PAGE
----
The Journal of Physiology 08/2015; 593(20). DOI:10.1113/JP270250 · 5.04 Impact Factor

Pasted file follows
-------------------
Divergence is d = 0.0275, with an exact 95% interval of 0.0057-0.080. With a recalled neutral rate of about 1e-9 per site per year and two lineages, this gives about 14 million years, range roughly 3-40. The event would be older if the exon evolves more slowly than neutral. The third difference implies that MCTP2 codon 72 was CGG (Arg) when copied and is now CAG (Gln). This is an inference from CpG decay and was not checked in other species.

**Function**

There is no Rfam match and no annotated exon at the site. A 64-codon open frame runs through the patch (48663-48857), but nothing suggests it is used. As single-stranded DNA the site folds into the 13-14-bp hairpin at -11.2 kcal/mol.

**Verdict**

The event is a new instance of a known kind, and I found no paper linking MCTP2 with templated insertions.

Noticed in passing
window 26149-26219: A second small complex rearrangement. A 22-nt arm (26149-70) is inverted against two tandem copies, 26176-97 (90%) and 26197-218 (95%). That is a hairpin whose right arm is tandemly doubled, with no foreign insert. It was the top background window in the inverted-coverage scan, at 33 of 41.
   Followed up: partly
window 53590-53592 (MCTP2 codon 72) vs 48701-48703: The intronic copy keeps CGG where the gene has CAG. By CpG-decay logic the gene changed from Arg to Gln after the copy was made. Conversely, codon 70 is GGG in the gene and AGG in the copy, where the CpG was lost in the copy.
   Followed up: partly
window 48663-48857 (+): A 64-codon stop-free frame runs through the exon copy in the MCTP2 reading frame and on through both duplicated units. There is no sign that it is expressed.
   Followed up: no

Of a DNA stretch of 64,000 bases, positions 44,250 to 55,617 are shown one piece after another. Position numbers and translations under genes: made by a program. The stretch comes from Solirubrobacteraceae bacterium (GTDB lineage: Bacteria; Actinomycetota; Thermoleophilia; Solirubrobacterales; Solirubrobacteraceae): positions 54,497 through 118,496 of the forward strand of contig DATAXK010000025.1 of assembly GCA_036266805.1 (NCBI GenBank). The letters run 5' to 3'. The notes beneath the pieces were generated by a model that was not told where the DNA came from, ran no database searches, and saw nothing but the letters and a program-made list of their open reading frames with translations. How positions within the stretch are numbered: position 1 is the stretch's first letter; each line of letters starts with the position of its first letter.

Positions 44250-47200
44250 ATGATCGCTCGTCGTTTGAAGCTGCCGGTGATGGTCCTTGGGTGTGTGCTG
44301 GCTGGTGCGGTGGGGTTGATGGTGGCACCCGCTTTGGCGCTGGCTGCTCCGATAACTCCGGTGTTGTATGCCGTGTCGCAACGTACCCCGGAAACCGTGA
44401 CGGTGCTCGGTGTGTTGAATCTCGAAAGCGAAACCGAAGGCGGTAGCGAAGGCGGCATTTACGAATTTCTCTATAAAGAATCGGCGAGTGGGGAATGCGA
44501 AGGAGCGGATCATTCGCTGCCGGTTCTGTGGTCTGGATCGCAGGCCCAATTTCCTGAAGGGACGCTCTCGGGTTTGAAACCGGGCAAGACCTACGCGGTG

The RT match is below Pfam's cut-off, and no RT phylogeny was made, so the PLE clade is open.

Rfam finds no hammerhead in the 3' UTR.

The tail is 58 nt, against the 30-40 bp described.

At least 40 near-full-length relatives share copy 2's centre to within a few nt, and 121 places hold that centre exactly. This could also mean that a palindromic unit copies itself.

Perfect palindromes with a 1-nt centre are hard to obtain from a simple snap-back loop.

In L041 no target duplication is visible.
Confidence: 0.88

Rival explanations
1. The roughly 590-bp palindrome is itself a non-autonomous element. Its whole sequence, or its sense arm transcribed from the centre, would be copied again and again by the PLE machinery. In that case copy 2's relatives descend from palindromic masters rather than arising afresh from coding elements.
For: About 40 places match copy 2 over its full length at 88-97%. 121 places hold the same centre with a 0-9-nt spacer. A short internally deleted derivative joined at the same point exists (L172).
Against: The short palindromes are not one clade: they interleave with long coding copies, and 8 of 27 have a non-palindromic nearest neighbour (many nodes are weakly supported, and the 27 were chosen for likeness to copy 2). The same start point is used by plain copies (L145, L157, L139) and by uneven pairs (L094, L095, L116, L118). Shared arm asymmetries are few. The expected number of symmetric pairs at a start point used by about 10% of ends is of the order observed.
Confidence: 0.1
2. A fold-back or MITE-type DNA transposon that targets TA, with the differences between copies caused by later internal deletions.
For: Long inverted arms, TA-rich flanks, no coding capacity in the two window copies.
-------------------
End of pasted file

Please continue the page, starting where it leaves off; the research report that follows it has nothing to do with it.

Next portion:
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    • "In fact, several current models suggest that the rating of perceived exertion (RPE) is of critical importance in dictating central motor drive, and ultimately mechanical output (Noakes, 2004b; Tucker and Noakes, 2009; Marcora and Staiano, 2010). However, despite increasing support for the role of RPE [also referred to by some as the sense of effort or perception of effort (Amann et al., 2007; Dempsey et al., 2008; Marcora, 2009a)] in regulating exercise performance (Edwards, 1983; Bassett and Howley, 2000; Noakes and St. Clair Gibson, 2004; St. Clair Gibson et al., 2006; Levine, 2007; Crewe et al., 2008; Joseph et al., 2008; Tucker, 2009; Amann, 2011; Girard et al., 2011), it is still debated whether this perception or sense is generated via the feedback of afferent sensory receptors stimulated in response to fatiguing locomotor muscles and other organs, and/or is a centrally-originating signal, and whether it acts on the CNS at conscious or sub-conscious levels (Bainbridge, 1919; Marcora, 2009a,b, 2010; Meeusen et al., 2009; Amann and Secher, 2010; Perrey et al., 2010). Much of the debate over the origin of this sensation of fatigue may be attributed to a too-broad operational definition of the RPE, the interchangeable use of the terms " effort " and " exertion , " inconsistent instructions provided by the researchers to the subjects on how to rate one's own perceived exertion and the selective interpretation of results that incorporate the rating (Noakes, 2004a; Lambert, 2005; Meeusen et al., 2009; Tucker, 2009; de Morree and Marcora, 2010; Lane et al., 2011; Swart et al., 2011; Smirmaul, 2012). "